We all know that rabbits need to eat plenty of hay. Many of us have probably struggled with getting ours to do just that. There are tricks to encourage your rabbit to eat more hay, and one of those tricks is having plenty of it about.
Hay isn’t just for breakfast, though. Hay can also provide insulation for your rabbit, act as bedding, and, yes, it can be flooring, too.
Why dust-extracted? Well, while feeding hay is fresh and meant to be eaten, bedding hay is dry. And that produces dust, which can irritate your rabbits’ eyes and lungs. Dust extraction removes the dust so that it’s better for your bunnies.
Hay and straw are ideal bedding materials. First and foremostly, because it’s natural for your bunny to be surrounded by them. These materials are completely bunny safe. In fact, your rabbits should be eating it.
Hay and straw are also insulating. They do absorb liquid waste, however, so to avoid mould and mildew, you’ll have to change hay bedding often.
- Good for nesting
- Needs to be changed often
Recycling your cardboard is great. But it’s even better when you can reuse it. You can break down cardboard boxes and envelopes to make a soft, solid, chewable liner for the floor of your rabbit hutch.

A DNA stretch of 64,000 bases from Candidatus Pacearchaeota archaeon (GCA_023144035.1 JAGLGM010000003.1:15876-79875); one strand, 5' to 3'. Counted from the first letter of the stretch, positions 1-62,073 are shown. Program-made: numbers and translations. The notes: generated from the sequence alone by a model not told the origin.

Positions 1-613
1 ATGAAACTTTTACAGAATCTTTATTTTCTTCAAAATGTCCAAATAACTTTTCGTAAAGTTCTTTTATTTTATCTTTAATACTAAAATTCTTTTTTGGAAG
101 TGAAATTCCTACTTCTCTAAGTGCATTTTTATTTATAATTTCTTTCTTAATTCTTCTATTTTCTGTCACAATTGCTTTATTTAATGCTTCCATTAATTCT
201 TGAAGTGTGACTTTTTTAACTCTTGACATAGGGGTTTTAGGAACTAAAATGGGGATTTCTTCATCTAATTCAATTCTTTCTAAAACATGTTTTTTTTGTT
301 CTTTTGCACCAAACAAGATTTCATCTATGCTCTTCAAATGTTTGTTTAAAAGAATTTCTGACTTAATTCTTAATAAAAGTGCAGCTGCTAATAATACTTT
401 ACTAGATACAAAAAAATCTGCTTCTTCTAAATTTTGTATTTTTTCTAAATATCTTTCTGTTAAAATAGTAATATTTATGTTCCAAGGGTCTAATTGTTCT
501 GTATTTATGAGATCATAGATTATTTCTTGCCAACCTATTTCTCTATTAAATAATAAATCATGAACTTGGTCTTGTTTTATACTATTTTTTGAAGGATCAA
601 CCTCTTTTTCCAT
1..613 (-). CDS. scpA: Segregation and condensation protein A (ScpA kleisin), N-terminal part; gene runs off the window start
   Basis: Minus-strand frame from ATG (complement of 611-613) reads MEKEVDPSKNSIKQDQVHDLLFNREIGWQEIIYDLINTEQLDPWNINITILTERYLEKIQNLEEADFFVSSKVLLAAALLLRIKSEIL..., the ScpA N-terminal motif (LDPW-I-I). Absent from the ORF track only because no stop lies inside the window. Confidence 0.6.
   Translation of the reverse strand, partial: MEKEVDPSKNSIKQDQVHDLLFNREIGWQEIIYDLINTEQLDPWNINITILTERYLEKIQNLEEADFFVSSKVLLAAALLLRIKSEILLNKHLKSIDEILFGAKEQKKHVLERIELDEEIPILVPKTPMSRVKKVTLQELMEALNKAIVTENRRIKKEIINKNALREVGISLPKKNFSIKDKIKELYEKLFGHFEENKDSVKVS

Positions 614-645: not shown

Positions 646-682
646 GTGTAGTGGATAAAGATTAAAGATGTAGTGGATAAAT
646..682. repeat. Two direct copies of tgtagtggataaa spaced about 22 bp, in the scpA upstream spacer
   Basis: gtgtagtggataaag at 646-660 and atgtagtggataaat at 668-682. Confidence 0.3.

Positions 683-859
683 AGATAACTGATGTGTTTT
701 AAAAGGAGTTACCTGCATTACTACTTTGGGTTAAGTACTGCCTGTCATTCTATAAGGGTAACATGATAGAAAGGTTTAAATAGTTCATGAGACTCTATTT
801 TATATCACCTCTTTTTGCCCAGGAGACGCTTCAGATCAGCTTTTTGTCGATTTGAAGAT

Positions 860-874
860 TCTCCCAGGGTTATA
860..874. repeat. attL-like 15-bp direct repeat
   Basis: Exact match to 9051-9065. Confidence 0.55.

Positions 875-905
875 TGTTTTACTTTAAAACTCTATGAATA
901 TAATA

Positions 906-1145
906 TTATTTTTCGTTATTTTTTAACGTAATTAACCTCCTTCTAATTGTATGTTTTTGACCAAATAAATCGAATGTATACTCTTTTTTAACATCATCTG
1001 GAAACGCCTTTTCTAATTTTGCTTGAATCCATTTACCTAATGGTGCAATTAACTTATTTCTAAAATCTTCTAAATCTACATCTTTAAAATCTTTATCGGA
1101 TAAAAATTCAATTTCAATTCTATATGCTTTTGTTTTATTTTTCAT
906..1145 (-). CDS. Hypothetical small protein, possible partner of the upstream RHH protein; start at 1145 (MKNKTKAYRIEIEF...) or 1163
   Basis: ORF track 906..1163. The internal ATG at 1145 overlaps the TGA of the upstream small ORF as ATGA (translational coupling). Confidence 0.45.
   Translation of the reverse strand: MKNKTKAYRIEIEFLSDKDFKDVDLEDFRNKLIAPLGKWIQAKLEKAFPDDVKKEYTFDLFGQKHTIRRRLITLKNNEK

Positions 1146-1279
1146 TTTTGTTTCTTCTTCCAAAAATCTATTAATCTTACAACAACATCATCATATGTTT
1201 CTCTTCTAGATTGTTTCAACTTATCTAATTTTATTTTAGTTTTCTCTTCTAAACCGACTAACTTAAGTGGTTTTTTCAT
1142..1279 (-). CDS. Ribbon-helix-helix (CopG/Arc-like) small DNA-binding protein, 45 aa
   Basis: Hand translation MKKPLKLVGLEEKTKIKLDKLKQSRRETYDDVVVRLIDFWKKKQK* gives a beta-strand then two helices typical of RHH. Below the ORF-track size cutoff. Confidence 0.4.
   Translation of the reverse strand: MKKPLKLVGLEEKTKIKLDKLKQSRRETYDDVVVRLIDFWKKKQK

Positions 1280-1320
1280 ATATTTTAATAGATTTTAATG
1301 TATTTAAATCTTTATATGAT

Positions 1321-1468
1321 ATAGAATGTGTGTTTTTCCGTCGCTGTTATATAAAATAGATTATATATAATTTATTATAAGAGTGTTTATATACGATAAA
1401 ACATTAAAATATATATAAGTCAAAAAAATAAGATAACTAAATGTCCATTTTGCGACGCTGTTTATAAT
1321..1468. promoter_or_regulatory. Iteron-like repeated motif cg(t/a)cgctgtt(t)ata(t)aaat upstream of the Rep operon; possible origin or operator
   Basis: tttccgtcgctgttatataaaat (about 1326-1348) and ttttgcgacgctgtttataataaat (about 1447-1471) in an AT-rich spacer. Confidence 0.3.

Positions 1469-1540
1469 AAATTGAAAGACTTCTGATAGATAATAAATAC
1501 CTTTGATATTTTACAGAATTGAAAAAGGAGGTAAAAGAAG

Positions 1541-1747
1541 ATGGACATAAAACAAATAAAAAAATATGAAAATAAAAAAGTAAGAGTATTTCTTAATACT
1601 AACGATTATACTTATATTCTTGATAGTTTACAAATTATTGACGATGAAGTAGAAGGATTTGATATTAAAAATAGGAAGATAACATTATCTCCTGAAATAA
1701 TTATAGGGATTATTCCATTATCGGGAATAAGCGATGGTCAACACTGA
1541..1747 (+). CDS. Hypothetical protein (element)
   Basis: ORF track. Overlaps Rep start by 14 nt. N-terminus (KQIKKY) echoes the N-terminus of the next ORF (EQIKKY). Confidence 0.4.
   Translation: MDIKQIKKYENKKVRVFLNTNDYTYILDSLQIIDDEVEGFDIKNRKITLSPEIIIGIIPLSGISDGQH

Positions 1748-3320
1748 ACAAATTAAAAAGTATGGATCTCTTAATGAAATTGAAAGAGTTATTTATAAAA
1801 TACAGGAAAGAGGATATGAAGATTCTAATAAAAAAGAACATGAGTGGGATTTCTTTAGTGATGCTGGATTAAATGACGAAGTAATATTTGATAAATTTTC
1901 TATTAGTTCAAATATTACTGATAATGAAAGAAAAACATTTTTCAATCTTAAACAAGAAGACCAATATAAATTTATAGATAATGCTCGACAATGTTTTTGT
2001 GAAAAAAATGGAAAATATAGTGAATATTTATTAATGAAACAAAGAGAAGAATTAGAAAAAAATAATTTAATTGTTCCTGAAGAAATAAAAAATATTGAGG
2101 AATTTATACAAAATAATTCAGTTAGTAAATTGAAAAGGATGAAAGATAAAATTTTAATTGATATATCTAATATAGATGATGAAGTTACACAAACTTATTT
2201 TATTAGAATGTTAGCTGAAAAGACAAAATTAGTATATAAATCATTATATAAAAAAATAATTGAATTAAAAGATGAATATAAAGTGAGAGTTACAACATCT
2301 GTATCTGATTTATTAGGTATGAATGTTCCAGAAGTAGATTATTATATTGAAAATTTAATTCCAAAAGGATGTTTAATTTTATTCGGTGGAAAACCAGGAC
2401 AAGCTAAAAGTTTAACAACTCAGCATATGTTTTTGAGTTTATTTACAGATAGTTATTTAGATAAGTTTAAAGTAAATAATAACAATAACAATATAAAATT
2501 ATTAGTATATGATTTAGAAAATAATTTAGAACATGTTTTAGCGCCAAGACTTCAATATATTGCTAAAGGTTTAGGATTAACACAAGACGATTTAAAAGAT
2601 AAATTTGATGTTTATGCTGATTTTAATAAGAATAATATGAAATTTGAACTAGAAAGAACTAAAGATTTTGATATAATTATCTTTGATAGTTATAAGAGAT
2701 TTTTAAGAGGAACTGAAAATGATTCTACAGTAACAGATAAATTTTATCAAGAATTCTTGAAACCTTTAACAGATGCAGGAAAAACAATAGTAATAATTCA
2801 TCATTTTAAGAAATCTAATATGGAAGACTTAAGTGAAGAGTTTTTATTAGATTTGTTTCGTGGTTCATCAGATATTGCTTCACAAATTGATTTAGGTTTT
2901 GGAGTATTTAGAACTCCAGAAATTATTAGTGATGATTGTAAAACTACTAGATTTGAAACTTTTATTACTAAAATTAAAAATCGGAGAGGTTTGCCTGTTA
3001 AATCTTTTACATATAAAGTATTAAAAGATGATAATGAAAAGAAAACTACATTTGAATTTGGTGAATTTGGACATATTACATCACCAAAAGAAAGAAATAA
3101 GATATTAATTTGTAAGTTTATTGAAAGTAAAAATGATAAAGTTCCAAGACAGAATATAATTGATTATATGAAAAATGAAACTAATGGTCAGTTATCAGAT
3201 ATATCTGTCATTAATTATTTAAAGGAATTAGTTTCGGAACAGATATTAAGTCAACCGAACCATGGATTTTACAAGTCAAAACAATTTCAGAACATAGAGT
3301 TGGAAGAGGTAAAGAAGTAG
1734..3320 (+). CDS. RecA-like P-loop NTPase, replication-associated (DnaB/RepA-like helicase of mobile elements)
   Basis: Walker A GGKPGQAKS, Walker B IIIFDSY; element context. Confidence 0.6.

Just make sure to remove any staples, tape, glue, or labels, first.
- Easy to find
Because cardboard is absorbent, make sure to remove it when it becomes soiled. How often will depend on whether your rabbits are litter box trained.
What’s in Your Rabbit Hutch?
For some types of rabbit enclosures, a floor liner is unnecessary. If your hutch or cage has a pet-safe solid, non-slip floor (like our hutches do) then you’re set.
But if your cage or enclosure has a wire or plastic floor, then you’ll need to take measures to protect your bunnies’ feet.
Cardboard, hay, and paper make excellent flooring for a cage or hutch. You probably already have some in your home right now. Wood bedding, marmoleum, and fleece work well, too.
What’s your favorite flooring for your rabbit hutch or cage? Tell us about it!